In 1982, Frank’s father (Francis Schaeffer) wrote a book called A Christian Manifesto in which he called for the use of force if all other means of stopping abortion failed. He compared the United States and its practice of legalized abortion to Hitler’s Germany and argued that whatever means might have removed Hitler could be used to stop abortion here. In 1984, Frank Schaeffer wrote A Time for Anger. in which he argued the same point. His book became a national best seller with the help of the evangelical movement. Dr. James Dobson alone gave away 100,000 copies.
Gerald is not only wrong, but I believe — having corrected him once already on this very matter — he joins Frank Schaeffer in wilful slander of his father.
The charge that Francis Schaeffer advocated “the violent overthrow” of the U.S. government was previously made by Frank in the Huffington Post in March 2008, in which Frank cites the following “passages” from A Christian Manifesto:
There does come a time when force, even physical force, is appropriate… A true Christian in Hitler’s Germany and in the occupied countries should have defied the false and counterfeit state. This brings us to a current issue that is crucial for the future of the church in the United States, the issue of abortion… It is time we consciously realize that when any office commands what is contrary to God’s law it abrogates it’s authority. And our loyalty to the God who gave this law then requires that we make the appropriate response in that situation…
As I demonstrated in my March 2008 response to Gerald / Vox Nova, Frank Schaeffer makes his charge only by cobbling together a smattering of partial sentences by his father from some 25-30 pages of his book, taken out of context.
Rather, in response to the grave scandal of abortion — the state-sanctioned murder of innocent children — Francis Schaeffer actually asserted the following:
Christians must come to the children’s defense, and must come to the defense of human life as such. The defense should be carried out on at least four fronts:
First, we should aggressively support a human life bill or a constitutional amendment protecting unborn children.
Second, we must enter the courts seeking to overturn the Supreme Court’s abortion decision.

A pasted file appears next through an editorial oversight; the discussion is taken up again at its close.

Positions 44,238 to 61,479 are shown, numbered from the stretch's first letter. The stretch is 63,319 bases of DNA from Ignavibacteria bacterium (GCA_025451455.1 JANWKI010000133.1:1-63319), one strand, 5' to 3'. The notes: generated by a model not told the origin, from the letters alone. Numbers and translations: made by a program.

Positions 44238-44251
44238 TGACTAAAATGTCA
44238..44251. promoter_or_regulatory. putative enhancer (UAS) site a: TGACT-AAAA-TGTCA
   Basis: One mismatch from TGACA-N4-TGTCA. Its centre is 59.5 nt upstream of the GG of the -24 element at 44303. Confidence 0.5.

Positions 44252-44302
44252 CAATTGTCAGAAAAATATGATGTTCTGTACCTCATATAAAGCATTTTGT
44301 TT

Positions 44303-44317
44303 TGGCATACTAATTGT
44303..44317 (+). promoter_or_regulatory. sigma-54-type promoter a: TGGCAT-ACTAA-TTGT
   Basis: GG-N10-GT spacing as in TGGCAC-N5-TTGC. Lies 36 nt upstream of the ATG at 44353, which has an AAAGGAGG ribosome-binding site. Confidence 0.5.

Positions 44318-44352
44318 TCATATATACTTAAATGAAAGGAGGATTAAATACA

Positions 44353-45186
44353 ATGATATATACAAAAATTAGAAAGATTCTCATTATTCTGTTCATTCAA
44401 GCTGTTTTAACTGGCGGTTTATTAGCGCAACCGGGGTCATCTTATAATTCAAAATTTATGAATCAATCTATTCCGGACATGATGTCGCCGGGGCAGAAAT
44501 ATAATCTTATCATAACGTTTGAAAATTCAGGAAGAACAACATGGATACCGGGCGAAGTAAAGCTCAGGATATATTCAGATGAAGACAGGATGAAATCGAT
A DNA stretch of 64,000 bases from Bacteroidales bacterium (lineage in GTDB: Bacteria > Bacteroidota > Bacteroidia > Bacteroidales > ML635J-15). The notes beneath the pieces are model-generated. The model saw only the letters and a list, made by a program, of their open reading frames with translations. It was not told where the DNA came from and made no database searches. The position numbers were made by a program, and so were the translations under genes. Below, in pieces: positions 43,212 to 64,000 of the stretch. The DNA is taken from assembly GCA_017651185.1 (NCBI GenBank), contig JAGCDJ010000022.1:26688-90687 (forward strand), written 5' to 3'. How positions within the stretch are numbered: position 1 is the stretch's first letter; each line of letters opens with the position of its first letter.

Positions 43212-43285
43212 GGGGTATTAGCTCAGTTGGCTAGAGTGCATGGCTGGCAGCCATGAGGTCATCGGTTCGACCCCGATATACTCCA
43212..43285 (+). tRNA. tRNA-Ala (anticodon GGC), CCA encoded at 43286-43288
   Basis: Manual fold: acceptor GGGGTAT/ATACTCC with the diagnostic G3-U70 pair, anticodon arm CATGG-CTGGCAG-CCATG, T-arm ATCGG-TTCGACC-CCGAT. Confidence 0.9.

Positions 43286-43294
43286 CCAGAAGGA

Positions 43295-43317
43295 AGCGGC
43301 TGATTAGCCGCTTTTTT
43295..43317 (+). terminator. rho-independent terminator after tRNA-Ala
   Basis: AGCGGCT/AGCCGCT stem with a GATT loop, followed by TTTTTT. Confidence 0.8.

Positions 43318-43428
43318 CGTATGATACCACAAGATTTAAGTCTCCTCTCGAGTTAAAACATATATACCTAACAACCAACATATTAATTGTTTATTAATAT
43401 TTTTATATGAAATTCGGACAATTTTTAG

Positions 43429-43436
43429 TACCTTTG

Third, legal and political action should be taken against hospitals and abortion clinics that perform abortions. […]
The ‘fourth front’, according to Schaeffer, consisted of presenting a Christian alternatives to abortion, in the form of crisis pregnancy centers.
According to Schaeffer, the pursuit of legal-political restrictions on abortion must be accompanied by the provision and witness of Christian alternatives — and vice versa. (To rely solely on the latter, neglecting the legal route, he thought utopian).
As far as the use of armed force, Schaeffer commented:
“If there is a legitimate reason for the use of force, and if there is a vigilant precaution against its overreaction in practice, then at a certain point the use of force is justifiable. We should recognize, however, that overreaction can too easily become the ugly horror of sheer violence. [p. 106]
The “force” that Schaeffer goes on to entertain is that of civil disobedience — such as refusing to pay a portion of our taxes:
Of course, this would mean a trial. Such a move would have to mean the individual’s choice under God. Happily, at the present time the Hyde amendment has removed the use of national tax money for abortions, but that does not change the possibilty that in some cases such a protest would be the only way to be heard. One can think of, for example, tax money going to Planned Parenthood . . .
Finally, Schaeffer contemplates the “bottom line” for Christians, after such efforts at civil disobedience fail:
“If there is no final place for civil disobedience, then the government has been put in the place of the Living God, because then you are to obey it even when it tells you in its own way to worship Caesar. And that point is exactly where the early Christians performed their own acts of civil disobedience even where it costs them their own lives. [p. 130]
Ever the disgruntled son, Frank Schaeffer never met an opportunity which he didn’t take to slander, misrepresent and otherwise publicly dishonor his dead father.
And to the extent that Campbell parrots Frank in such libelous behaviour, we have every reason to be wary of them both.
- “Fathers and Sons: On Francis Schaeffer, Frank Schaeffer, and Crazy for God (Christianity Today Books & Culture, March/April 2008). A review of Crazy for God: How I Grew Up as One of the Elect, Helped Found the Religious Right, and Lived to Take All (or Almost All) of It Back.
- Jaded: Frank Schaeffer 35 years later, by Dr. Philip Blosser (Musings of a Pertinacious Papist November 3, 2007).